The following is a guest post by Br. Sharif Randhawa, co-author of the illuminating book, “Divine Speech” which was written alongside Ustadh Nouman Ali Khan. Br. Sharif also runs a wonderfully informative blog called Quranic Musings which I highly recommend!
I was sent the following video clips in which an individual named Anthony Rogers claims that that Quran 112:1 (qul huwa ’llāhu aḥadun) contains a grammatical error, and that, moreover, Muslims mis-recite the verse in order to avoid the error:
Both of the above claims are patently false, as anyone with knowledge of even the most basic rules of Arabic grammar will recognize. It is deeply presumptuous of someone who shows ignorance of such basic rules of Arabic grammar to claim to have a better grasp of it than the premier work of Arabic literature, the Quran, and the entire Muslim tradition of Arabic grammar, not to mention of Quranic exegesis and recitation. In any case, the errors in both of these claims are as follows:
Contention 1: Rogers claims that the wording in the Quran of qul huwa ’llāhu aḥadun (“Say: He is Allah, one,” or alternatively “Say: He, Allah, is one”) is grammatically incorrect, because aḥadun means not “one” but “one of”; the text, according to him, should actually say qul huwa ’llāhu aḥadu.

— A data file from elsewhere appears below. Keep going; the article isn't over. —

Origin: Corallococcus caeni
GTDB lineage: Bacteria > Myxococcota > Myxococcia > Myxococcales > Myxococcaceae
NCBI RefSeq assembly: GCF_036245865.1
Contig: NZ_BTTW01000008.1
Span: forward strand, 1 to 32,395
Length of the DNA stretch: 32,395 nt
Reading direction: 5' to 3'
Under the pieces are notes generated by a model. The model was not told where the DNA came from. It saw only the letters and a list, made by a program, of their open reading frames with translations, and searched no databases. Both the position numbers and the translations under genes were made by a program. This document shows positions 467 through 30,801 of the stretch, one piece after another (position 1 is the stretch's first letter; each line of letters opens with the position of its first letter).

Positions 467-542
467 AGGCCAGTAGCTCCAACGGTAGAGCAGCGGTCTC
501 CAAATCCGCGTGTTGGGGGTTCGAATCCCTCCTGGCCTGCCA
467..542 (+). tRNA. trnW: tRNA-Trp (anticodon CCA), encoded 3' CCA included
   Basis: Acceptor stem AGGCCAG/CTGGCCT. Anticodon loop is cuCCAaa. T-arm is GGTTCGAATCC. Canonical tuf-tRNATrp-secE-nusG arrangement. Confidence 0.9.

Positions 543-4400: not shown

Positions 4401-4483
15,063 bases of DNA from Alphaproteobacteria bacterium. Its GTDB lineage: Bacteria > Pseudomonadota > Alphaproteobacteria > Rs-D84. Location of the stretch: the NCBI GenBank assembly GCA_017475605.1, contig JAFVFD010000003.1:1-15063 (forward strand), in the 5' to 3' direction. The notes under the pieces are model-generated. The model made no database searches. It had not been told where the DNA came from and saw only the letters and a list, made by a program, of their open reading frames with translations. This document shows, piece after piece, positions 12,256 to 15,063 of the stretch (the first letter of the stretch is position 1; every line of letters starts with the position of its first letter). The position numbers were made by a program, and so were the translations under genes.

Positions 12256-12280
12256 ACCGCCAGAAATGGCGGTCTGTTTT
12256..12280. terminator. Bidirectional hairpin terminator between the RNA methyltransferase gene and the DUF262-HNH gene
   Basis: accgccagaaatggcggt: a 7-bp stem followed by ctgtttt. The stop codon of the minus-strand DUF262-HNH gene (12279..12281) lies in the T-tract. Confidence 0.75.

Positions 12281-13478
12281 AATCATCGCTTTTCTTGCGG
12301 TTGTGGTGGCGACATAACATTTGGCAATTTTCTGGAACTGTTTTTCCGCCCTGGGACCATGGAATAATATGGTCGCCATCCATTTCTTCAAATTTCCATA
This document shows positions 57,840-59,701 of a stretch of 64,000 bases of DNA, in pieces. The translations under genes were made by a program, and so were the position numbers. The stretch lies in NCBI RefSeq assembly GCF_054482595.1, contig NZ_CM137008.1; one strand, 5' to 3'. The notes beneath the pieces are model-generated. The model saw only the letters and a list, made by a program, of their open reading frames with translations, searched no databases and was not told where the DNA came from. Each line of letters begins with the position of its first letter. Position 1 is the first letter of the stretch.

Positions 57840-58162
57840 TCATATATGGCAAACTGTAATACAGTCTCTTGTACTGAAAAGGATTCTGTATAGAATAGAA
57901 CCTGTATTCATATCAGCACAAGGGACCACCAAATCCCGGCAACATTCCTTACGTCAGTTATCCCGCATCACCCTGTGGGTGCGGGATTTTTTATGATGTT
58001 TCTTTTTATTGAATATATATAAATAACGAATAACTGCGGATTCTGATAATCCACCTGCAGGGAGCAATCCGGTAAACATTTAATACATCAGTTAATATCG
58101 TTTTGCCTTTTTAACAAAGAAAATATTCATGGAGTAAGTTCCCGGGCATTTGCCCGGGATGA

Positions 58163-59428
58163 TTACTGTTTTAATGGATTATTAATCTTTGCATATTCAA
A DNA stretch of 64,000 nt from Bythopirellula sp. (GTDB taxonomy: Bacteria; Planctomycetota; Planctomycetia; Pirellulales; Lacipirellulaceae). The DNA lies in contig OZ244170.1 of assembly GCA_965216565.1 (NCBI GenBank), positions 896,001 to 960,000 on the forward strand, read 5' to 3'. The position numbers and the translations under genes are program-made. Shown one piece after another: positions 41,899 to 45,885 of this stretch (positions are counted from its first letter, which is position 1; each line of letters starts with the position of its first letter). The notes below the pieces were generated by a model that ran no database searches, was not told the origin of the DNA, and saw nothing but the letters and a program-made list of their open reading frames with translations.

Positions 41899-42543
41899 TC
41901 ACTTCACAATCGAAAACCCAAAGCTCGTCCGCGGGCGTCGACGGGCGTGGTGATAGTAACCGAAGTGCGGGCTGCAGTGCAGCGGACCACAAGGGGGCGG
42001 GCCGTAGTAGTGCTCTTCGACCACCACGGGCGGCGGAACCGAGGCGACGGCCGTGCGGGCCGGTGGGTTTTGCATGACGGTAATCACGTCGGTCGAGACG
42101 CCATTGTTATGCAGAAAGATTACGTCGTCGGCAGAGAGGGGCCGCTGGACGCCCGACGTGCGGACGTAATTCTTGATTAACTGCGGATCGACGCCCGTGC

Answer: Rogers’ claim is exactly the opposite of what Arabic grammar entails. In a genitive construct, which is the form that expresses the grammatical formula “X of Y,” the X (or muḍāf) that is followed by the genitive Y (or muḍāf ‘ilayhi) precisely cannot carry tanwīn (the indefinite -n ending). This is literally one of the first rules of a genitive construct in Arabic (see the excerpt from p. 44 from Alan Jones’ Arabic Through the Qur’ān, below).
Contention 2: Rogers then claims that Muslims mis-recite the verse to avoid this alleged error, as Muslims most frequently recite the verse as qul huwa ’llāhu aḥad, without the inflected -(u)n ending.
Answer: The claim that this is a mispronunciation is, again, false according to the most basic conventions of Arabic. This is because in Arabic speech, when one pauses at the end of a sentence that terminates with a short vowel ending, he or she normally drops the short vowel ending, including the tanwīn if there is one. Any Arabic speaker can confirm that for you.